However, a notational twin seat variant of the same platform is equally significant to further expand the capabilities as mentioned earlier. A majority of fourth generation aircraft produced today are generally single seat aircraft but with a provision for twin seat units based on the same airframe. The primary objective of such airframes is to provide “conversion training” for new generation pilots who passed the simulator round. With an instructor in the back seat, the concept introduces the cadet with challenges other than flight controls that are necessary to experience in order to have a complete understanding of aircraft. While it fulfills the role of a trainer for a vast portion of its service period, it still retains the complete combat capability of the single seat variant. It is upto the operator whether they prefer to deploy the unit in combat or not. A dedicated strike unit, however, is specifically designed to undertake combat sorties more often than a conversion trainer. For example, Mirage 2000D is a strike aircraft derived from Mirage 2000C, while Mirage 2000N is classified under nuclear strike aircraft derived from Mirage 2000D. The basic difference in terms of operation can be described in the sense that while a conversion trainer can fly with even one seat occupied, it is compulsory to have both pilots onboard in a strike fighter as each one have their own set of roles to perform in a mission.

J-20S: Trainer or Strike fighter?

Being a fifth-generation warplane with stealth characteristics, the counterparts of the J-20 in the west are F-22 “Raptor” and F-35 “Lightning II”; as well as Su-57 “Felon” in Russia. None of these are currently available in twin seat configuration and entirely dependent on one pilot to perform all the operations in-flight. The current active units of J-20A are also exclusively manned by a single pilot. But as the new concept has finally come into existence, the fact cannot be turned down how it drastically improves the capability of the platform in context of asymmetrical warfare. Newer technologies now offer deployment of high-end drones in swarms from multiple platforms, which also include airborne release solutions. When deployed, the second pilot can take full control over the drone operations via datalink and guide them towards the target while the launch aircraft (or “mothership”) will remain at standoff distance, safe from hostile retaliation. 

Suppression Of Enemy Air Defences (SEAD) or Destruction Of Enemy Air Defences (DEAD) is another vital element of modern operations where the priority is to neutralize enemy anti-air systems including radars, surface to air missiles, etc.. It is highly necessary to understand that such actions need to be taken with pre-emptive measures to avoid friendly losses when a mission needs to be carried out inside hostile territory. Whether it is about temporary deception or about full-fledged destruction of hostile anti-air installations, measures need to be taken at standoff range. An Anti-Radiation Missile (ARM), that specializes in detecting, tracking and homing on radiation sources like radar is a great option to entirely destroy the installation. Electronic Warfare is another solution that can be employed in both offensive and defensive terms to either protect self or entire formation of friendly aircraft. Dedicated EW aircraft like E/A-18G “Growler’ also feature the twin seat attribute where the back seater is responsible for operating EW systems. Therefore, J-20S performing EW roles is also plausible to speculate.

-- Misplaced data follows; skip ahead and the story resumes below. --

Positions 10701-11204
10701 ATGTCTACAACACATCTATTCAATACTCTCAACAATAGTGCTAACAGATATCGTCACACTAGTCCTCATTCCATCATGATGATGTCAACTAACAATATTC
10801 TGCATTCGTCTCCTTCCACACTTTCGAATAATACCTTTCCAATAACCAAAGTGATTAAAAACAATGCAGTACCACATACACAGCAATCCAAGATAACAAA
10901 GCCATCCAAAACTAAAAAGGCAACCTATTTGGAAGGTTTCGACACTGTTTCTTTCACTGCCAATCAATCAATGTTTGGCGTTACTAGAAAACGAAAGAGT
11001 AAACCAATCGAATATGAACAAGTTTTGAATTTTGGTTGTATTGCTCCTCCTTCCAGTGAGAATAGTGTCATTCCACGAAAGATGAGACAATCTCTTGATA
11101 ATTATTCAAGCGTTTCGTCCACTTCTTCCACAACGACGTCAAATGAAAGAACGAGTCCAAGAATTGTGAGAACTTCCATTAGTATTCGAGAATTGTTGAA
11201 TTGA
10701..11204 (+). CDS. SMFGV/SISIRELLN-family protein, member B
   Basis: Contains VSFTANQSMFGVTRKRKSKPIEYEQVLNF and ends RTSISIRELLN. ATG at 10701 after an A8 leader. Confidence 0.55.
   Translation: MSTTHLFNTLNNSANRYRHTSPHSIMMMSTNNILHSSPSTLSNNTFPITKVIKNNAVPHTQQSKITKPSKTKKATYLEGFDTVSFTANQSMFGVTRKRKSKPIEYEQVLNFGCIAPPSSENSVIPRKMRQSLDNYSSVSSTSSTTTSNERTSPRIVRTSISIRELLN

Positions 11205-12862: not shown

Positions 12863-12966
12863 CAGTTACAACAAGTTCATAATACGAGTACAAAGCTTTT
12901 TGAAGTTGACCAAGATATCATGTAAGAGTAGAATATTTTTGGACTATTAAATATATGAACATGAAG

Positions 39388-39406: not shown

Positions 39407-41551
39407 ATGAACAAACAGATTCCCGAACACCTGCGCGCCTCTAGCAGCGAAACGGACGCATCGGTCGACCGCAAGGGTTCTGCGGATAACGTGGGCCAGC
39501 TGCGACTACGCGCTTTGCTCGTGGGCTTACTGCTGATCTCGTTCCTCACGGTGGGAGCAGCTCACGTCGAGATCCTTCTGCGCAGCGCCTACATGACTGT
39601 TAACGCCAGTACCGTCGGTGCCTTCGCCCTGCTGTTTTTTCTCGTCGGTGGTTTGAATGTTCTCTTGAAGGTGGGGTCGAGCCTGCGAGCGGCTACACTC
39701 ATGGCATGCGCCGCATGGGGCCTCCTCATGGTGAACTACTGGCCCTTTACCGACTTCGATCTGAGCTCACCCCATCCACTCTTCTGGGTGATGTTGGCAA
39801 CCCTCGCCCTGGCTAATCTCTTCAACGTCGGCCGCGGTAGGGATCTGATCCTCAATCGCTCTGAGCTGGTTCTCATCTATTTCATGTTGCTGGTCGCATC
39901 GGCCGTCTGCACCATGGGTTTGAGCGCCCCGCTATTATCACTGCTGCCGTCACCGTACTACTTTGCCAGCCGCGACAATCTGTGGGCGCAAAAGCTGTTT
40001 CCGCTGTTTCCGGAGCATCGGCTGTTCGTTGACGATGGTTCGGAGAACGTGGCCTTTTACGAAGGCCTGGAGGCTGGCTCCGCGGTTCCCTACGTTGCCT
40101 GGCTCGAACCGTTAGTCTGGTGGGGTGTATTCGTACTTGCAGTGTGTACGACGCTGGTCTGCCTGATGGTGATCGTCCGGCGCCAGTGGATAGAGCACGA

The future

With production still in progress and more orders in line for Chengdu Aerospace, the J-20 is likely to enhance its capabilities with time by fixing the issues it is facing at present, just like every other fighter in its initial operational stage. One of the infamous issues is it lack of supercruise capability, defined as the ability to sustain supersonic flight for long durations, specially due to immature WS-10C turbofan engines which will be replaced with WS-15 turbofan engines expected provide greater thrust-to-weight ratio as well as Thrust Vector Control (TVC). However, it still possesses much of the fifth-generation characteristics like Very Low Observable (VLO) attribute, or stealth design and Low Probability Of Intercept Radar (the details of which are still classified). Another platform is also under development under the name of FC-31 that is likely under final stages of development and will see service complementing the J-20. Therefore, the next generation of People Liberation Army Air Force (PLAAF) combat aircraft fleet will feature top of the line aircraft including an indigenous Flanker series as well as fifth generation fighter family, eventually allowing the Chinese airpower to expand its influence around the globe .

TFV NewsDesk